Power Tips: Power sharing in USB Type-C applications


The USB Type-C™ Power Delivery (PD) standard makes an allowance for anywhere from 7.5W (5V at 1.5A) to 100W (20V at 5A) per port. In any given system, however, the available input power is limited. In a multiple-port system, how should you allocate power between the various ports?

One obvious power-sharing method is to limit the power on each port so that the total power drawn can never exceed the input power limit. But in this case, any device plugged into the system can never fully utilize the available input power, because the power is divided among the ports.

Another option is to provide one high-power port and severely limit the power to the remaining ports. This gives users the ability to power larger devices and enables faster charging. However, most consumers don’t read product labels or instructions. They may not understand why their device charge slower on some ports but not others. This can create a poor user experience, leading to product returns and affecting customer loyalty.

A better approach is to intelligently share the available input power among the ports in a system. The TPS25740A PD source controller has two pins which easily implement port power management in two-port systems.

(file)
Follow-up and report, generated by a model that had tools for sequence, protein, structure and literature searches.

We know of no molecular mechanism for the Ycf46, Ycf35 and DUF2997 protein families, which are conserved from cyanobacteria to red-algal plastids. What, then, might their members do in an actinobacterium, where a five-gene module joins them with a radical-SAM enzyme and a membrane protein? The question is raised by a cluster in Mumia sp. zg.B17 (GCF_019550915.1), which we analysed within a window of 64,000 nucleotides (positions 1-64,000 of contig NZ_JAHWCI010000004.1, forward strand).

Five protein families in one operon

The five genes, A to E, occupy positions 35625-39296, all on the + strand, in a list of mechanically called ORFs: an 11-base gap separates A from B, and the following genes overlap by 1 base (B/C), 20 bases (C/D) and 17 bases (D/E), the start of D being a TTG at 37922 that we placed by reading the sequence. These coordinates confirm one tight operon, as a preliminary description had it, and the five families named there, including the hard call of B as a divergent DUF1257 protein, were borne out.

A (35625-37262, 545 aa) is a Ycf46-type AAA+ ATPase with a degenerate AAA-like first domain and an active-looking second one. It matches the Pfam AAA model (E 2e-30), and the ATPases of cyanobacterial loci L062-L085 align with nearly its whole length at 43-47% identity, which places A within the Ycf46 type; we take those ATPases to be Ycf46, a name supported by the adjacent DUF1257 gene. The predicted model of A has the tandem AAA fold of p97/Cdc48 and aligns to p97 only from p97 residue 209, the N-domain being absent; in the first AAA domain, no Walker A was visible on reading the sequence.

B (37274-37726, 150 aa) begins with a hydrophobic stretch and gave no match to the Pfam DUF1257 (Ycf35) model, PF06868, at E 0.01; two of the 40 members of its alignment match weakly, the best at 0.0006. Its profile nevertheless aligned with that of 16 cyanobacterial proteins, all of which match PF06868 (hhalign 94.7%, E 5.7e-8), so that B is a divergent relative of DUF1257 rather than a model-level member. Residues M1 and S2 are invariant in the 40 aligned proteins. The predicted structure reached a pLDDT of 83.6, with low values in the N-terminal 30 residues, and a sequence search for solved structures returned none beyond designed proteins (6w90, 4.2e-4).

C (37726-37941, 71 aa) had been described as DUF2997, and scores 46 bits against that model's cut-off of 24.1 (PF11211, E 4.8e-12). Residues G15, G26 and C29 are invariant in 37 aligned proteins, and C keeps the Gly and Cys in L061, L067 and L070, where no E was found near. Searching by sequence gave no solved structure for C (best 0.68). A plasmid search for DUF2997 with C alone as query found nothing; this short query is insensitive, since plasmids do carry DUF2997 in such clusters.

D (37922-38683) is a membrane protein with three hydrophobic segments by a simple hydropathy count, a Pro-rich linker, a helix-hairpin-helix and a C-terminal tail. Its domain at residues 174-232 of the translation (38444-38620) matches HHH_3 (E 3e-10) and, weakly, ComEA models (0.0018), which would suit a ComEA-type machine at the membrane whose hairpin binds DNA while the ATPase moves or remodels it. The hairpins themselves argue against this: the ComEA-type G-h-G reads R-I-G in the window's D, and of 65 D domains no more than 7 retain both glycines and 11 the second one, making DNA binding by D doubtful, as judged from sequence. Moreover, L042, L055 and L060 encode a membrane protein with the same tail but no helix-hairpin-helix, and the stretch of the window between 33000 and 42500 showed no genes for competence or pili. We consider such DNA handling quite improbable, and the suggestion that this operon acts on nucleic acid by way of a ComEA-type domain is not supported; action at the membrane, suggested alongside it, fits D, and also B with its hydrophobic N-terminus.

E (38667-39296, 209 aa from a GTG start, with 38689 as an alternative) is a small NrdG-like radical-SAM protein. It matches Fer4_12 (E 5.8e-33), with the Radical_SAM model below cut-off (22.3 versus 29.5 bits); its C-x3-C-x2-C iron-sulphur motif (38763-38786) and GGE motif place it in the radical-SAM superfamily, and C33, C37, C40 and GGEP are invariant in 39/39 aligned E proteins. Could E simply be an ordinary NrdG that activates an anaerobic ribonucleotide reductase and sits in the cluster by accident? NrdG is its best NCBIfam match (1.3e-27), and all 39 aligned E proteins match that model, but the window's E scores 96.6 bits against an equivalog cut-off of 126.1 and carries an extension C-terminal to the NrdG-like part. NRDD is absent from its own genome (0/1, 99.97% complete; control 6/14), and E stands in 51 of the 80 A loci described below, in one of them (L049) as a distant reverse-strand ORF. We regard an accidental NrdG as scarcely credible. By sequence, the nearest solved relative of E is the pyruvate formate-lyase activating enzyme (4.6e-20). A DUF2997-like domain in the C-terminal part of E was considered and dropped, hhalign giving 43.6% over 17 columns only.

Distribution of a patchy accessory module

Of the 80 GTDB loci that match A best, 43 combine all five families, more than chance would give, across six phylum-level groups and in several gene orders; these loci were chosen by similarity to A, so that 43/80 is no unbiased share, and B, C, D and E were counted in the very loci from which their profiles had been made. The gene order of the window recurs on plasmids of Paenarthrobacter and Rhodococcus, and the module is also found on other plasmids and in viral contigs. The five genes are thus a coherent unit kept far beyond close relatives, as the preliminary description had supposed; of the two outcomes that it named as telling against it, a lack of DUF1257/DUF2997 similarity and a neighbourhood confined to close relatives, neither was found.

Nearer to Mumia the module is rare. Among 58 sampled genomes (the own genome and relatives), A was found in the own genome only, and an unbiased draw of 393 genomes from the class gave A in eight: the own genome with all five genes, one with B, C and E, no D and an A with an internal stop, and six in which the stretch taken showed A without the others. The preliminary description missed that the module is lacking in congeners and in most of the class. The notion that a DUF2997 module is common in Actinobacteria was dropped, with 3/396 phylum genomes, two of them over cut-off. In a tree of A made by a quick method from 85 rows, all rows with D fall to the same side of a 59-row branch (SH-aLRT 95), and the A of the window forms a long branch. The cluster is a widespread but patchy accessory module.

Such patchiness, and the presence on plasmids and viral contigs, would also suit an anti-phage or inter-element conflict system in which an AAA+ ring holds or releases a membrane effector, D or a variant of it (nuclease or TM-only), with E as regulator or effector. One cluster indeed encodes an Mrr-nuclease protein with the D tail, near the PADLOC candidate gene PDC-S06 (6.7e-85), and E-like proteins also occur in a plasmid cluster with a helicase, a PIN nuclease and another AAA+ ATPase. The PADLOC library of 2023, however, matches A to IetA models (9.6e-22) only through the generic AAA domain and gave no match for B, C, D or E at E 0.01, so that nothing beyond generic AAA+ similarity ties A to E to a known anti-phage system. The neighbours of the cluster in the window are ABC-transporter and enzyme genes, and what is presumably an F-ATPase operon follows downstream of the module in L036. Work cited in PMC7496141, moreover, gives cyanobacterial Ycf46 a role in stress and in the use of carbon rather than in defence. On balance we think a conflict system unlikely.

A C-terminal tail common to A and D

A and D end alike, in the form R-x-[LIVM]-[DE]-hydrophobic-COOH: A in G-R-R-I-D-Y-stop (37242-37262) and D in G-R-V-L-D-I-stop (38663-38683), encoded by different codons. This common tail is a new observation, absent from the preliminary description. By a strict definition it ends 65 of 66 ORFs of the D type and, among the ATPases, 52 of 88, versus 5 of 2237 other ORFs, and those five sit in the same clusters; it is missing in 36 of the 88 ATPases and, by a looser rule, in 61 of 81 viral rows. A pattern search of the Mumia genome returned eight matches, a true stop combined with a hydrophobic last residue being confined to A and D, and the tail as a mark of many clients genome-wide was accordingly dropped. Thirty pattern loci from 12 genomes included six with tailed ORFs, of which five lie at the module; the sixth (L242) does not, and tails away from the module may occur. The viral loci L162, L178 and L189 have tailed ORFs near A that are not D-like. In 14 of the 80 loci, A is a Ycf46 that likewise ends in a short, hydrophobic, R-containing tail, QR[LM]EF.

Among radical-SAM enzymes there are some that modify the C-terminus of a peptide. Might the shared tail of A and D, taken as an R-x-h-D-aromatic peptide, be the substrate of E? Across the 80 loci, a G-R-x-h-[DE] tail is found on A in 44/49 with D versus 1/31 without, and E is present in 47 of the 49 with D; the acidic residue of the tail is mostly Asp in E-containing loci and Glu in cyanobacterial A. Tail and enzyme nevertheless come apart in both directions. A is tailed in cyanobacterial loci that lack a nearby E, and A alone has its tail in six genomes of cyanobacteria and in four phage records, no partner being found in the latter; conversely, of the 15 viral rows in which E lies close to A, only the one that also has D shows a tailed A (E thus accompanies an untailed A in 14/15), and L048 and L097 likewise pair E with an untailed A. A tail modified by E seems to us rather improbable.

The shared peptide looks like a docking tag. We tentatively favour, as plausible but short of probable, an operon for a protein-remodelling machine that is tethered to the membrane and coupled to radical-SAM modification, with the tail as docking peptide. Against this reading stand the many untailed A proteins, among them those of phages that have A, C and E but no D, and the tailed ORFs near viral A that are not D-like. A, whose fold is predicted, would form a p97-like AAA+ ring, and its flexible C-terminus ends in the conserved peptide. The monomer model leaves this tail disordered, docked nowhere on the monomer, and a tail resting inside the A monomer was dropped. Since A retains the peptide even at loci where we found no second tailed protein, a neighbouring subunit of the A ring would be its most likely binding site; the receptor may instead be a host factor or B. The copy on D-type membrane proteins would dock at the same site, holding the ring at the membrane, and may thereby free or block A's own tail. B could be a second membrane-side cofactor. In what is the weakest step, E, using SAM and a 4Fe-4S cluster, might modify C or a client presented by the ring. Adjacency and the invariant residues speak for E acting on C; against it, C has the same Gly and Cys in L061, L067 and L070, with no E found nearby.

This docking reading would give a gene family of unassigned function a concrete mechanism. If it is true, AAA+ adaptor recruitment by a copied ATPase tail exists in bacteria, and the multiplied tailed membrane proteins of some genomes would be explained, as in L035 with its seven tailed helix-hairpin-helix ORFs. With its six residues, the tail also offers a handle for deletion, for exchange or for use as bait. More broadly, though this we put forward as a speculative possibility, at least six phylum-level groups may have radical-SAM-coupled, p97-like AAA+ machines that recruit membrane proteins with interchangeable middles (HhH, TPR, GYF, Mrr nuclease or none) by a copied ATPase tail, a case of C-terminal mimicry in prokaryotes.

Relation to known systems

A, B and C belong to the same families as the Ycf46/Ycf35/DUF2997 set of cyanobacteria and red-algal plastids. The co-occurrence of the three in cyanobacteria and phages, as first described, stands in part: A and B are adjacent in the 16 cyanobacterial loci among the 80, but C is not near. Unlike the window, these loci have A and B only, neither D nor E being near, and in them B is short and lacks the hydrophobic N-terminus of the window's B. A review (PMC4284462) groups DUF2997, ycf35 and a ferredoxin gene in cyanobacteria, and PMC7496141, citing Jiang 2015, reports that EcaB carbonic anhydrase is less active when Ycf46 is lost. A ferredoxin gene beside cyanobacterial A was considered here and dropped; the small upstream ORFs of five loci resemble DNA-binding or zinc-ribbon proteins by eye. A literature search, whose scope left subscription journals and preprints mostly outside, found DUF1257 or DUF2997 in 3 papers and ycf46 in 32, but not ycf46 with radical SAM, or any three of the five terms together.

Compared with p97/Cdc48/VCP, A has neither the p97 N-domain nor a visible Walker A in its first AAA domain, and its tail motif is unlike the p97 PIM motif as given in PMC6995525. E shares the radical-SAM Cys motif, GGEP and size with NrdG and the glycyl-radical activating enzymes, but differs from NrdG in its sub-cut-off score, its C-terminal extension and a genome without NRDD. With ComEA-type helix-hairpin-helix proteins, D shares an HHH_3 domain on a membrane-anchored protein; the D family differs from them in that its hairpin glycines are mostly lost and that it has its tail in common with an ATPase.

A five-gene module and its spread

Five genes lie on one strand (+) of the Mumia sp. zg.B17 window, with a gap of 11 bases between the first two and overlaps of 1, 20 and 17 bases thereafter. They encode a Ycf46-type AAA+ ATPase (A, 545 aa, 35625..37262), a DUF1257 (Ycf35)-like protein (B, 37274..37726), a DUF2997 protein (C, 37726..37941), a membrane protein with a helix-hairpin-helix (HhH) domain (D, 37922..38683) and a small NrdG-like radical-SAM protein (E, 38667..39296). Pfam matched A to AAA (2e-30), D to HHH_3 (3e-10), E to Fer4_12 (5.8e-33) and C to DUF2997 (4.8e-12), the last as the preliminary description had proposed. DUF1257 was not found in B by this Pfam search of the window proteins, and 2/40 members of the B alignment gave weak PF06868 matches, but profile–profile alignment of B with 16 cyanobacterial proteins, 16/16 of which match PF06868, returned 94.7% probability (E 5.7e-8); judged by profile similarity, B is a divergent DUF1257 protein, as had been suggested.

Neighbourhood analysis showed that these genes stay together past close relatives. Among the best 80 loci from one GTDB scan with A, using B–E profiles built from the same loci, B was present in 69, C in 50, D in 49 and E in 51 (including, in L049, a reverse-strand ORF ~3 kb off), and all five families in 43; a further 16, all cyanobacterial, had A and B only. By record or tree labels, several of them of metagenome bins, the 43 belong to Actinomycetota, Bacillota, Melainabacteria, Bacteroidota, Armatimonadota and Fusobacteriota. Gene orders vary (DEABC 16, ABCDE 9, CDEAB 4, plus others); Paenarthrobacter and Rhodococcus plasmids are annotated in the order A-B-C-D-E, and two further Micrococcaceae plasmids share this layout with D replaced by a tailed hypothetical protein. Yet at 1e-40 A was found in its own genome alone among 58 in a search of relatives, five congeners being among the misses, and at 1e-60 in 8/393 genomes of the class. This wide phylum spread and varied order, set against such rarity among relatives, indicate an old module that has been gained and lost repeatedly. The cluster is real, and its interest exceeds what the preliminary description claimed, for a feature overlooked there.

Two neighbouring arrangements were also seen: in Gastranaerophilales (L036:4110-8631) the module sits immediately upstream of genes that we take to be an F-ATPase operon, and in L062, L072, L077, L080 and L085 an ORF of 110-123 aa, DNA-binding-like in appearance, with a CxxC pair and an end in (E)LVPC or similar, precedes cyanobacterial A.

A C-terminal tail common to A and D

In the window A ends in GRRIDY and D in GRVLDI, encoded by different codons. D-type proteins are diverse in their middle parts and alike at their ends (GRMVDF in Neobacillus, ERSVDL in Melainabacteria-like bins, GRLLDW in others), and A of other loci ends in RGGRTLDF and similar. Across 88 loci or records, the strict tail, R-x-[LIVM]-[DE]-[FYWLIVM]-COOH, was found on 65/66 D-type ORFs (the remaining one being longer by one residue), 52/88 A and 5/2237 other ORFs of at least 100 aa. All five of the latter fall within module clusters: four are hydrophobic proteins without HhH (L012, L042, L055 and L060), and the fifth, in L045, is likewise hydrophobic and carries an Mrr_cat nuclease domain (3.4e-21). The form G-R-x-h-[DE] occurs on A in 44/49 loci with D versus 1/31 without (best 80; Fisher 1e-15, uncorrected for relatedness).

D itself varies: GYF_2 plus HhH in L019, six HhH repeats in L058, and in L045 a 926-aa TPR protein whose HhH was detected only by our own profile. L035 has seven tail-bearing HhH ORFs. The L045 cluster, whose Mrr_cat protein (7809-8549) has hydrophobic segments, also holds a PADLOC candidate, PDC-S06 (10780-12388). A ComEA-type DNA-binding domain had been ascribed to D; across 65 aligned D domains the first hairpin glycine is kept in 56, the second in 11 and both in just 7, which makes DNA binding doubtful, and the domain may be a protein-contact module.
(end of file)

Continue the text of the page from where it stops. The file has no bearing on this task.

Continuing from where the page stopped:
The UFP pin is an open-drain signal that indicates the status of the output port. The UFP signal is normally high, but goes low whenever a valid load is connected to the output port. The PCTL pin is an input that when pulled low cuts the maximum power advertised from the TPS25740A by a factor of two. Toggling the PCTL pin also forces any connected loads to renegotiate the power contract, which defines the output voltage and maximum power available on the port.

Figure 1 shows an example of a 36W two-port system using port power sharing. Initially, when nothing is plugged into either Type-C output port, both ports advertise that the full 36W is available. When a device is plugged into one of the ports, it can accept the full 36W. Because a valid load has been connected, the UFP pin for that port goes low, pulling down the PCTL pin of the TPS25740A on the opposite port. Thus, the opposite port is now advertising only 18W.

Figure 1: This 36W system with port power management intelligently shares power between two ports

Now, if a device is connected to the second port, the UFP pin from that port goes low, forcing the first port to renegotiate the power contract at 18W. When both ports are providing power, they can never exceed 18W each, 36W total.

You can apply similar techniques to systems with more than two ports, but you will usually need a microprocessor given the increased complexity. A microprocessor also allows the system to shift power based on other factors such as temperature.

There are many other things to consider when designing multiple-port systems for USB Type-C PD. Read an article where I discuss a few more details about multiport Type-C systems in my latest Power Tips post on EE Times.

Additional resources

Read previous TI Power Tips posts.